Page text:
Model Student Senate Educates, Inspires Tomorrow’s Leaders in Brevard Public Schools

By  //  March 8, 2024

Event has been a staple at BPS for the last 40 years

Brevard Public Schools hosted the Model Student Senate, featuring over 100 high school students from Cocoa High, Edgewood Jr./Sr. High, Heritage High, Melbourne High, Rockledge High, Space Coast Jr./Sr. High, Titusville High, Viera High, and West Shore Jr./Sr. High participated in this event. (BPS image)

BREVARD COUNTY, FLORIDA  – Brevard Public Schools hosted the Model Student Senate, featuring over 100 high school students from Cocoa High, Edgewood Jr./Sr. High, Heritage High, Melbourne High, Rockledge High, Space Coast Jr./Sr. High, Titusville High, Viera High, and West Shore Jr./Sr. High participated in this event.

Model Student Senate is a government study program, which has been a staple at BPS for the last 40 years. Students portray U.S. senators, write bills, testify on and debate them, and ultimately pass them. Throughout the experience, the students learn how the government truly works as they write, deliberate, and pass legislation.

The opening session of the Model Student Senate, Superintendent Dr. Mark Rendell delivered the keynote speech and the Honorable Judge Scott Blaue, of Florida’s 18th Circuit Court, administered the Oath of Office.

Students took on the roles of secretaries, pages and senators. Prominent senators such as Marco Rubio (Savannah Nazario – Edgewood), Rick Scott (Twisha Mehta – Edgewood), Bernie Sanders (Kathit Kadakia – Viera), Chuck Schumer (Riley Blum – Melbourne), Dick Durbin (Lauren Batache – West Shore), Mitch McConnell (Connor Cornell – Viera) and more were all expertly portrayed by the students. Vice President Kamala Harris was also portrayed as she is the President of the Senate (Massimo Sullivan-West Shore).

Teacher of the Year finalist and social studies teacher Jeffrey Draves of Viera High School has been a sponsor of the Model Student Senate for more than 20 years. Furthermore, he has been involved with the program for over 40 years due to the fact that he himself participated in the event when he was a student at Cocoa High School.

“Doing these programs makes a huge difference for these students. I feel at home with them,” Mr. Draves said. He also expressed that programs like the Model Student Senate are needed to build interest in politics and social studies within students. He believes this program is a great way to get them familiar with politics and actively involved.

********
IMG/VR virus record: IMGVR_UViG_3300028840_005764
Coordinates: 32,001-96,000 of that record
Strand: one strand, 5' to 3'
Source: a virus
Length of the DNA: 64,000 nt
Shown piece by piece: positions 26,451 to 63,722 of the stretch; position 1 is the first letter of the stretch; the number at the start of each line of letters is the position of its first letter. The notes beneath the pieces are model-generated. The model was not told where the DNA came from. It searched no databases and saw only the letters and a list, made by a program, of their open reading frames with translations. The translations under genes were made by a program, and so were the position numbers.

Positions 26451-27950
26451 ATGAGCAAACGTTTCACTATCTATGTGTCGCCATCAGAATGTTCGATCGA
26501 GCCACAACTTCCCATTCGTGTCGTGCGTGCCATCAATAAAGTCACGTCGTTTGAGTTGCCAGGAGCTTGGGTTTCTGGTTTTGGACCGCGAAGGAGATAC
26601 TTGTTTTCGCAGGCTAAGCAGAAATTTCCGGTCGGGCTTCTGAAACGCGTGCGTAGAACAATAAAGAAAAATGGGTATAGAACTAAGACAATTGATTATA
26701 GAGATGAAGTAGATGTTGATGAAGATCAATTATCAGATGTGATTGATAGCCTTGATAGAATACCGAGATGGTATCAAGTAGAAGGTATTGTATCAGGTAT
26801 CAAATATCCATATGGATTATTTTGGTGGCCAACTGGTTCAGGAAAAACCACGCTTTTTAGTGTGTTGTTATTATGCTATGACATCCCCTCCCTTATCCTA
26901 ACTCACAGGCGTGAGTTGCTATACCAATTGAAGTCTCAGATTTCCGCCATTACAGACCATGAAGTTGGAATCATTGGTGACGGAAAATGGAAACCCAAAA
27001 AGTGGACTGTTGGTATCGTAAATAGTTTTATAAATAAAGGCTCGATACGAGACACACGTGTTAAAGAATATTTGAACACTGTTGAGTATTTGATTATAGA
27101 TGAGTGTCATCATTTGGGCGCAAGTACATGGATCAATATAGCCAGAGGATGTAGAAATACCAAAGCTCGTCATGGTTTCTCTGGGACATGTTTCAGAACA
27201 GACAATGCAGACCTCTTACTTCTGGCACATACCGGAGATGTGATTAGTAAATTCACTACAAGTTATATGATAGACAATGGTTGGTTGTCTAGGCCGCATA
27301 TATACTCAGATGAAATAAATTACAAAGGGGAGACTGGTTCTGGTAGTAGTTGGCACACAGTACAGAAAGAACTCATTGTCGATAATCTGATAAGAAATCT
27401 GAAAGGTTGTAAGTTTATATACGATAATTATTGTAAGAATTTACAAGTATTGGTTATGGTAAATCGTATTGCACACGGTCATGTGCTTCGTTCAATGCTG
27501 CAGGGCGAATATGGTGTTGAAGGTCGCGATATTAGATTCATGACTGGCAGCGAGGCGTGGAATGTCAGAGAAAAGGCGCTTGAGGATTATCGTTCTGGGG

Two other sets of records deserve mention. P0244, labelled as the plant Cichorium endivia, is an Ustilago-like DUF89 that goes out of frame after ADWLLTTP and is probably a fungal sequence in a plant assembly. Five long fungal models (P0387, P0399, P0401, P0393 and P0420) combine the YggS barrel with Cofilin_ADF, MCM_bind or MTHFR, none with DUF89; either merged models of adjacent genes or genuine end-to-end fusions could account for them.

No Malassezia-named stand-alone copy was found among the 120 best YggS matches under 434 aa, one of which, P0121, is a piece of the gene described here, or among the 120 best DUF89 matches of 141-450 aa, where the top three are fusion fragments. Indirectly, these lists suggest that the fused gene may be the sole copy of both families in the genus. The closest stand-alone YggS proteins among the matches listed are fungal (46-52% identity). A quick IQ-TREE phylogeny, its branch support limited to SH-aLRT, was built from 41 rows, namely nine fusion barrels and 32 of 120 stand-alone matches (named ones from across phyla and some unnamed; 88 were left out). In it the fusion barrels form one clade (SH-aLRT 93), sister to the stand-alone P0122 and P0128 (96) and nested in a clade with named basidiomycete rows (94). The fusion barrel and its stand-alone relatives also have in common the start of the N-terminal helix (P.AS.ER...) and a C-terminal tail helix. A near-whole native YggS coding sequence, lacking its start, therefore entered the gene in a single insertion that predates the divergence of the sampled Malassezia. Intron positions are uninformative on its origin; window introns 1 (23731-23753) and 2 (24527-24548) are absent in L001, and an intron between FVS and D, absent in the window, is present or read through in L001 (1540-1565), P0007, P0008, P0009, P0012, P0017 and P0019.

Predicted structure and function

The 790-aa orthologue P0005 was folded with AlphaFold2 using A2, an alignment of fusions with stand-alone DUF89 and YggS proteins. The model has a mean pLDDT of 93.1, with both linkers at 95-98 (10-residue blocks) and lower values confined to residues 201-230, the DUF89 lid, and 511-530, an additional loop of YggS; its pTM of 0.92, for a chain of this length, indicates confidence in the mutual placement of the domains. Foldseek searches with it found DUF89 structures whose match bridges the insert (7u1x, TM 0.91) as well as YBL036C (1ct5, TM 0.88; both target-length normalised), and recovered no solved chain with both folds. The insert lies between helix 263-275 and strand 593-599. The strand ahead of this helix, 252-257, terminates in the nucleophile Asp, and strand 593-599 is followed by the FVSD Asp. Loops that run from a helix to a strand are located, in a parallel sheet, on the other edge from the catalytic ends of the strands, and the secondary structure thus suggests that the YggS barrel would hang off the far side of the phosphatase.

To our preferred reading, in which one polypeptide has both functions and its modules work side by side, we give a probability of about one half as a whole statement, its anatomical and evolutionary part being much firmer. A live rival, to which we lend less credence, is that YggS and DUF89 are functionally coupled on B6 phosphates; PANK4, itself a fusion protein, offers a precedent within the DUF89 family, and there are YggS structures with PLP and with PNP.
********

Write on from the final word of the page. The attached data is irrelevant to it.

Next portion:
The students’ passion for the program was evident throughout the event. Fiery debates raged on as bills were introduced to the senate and voted on.

Viera High sophomore Kathit Kadakia is participating in his second year of the Model Student Senate and he views the program as not only a way to learn about politics but also meet students he would not have met otherwise.

“I would say give it a try! It’s a great way to meet new people and to learn about our governmental system,” Kadakia said.

Following the event, awards were given out to students based on their effectiveness and skill. Here are the results:

■ Most Influential Senator – Charles Smith, Cocoa High (Richard Blumenthal)
■ Judges Commendation Award – Aaron Murphy, West Shore High (Mike Rounds)
■ Best Committee Chairman – Alexandra Codallo-Quinones, Melbourne High (Gary Peters)
■ Best Ranking Senator – Abby Hightower, Titusville High (Charles Grassley)
■ Most Effective Committee – Homeland Security and Governmental Affairs
■ Most Effective Page – Calem Amato, Edgewood High, and Jackson Poirier, Melbourne High
■ Most Effective Secretary – Jeremiah Anteliz, Space Coast High
■ Most Effective Senator – Kathit Kadakia, Viera High (Bernie Sanders)
■ School Commendation Award – Cocoa High School

Chris Spinale, Director of Curriculum at the University of Central Florida’s Lou Frey Institute of Politics and Government, served as a judge for the event. Spinale also participated in the Model Student Senate as a student at Titusville High School. He urged that students who are curious about politics should consider joining the program.

“The research shows that when students engage in simulations of democratic processes their proclivity to engage as adults significantly increases. When students are given that opportunity to practice what it’s like to engage as a voter or a US senator, it gives them a deeper understanding and a deeper appreciation of what a country’s democracy provides,” Spinale said.

Jennifer Jolley, Social Studies Content Specialist – Curriculum and Instruction, organized the event.

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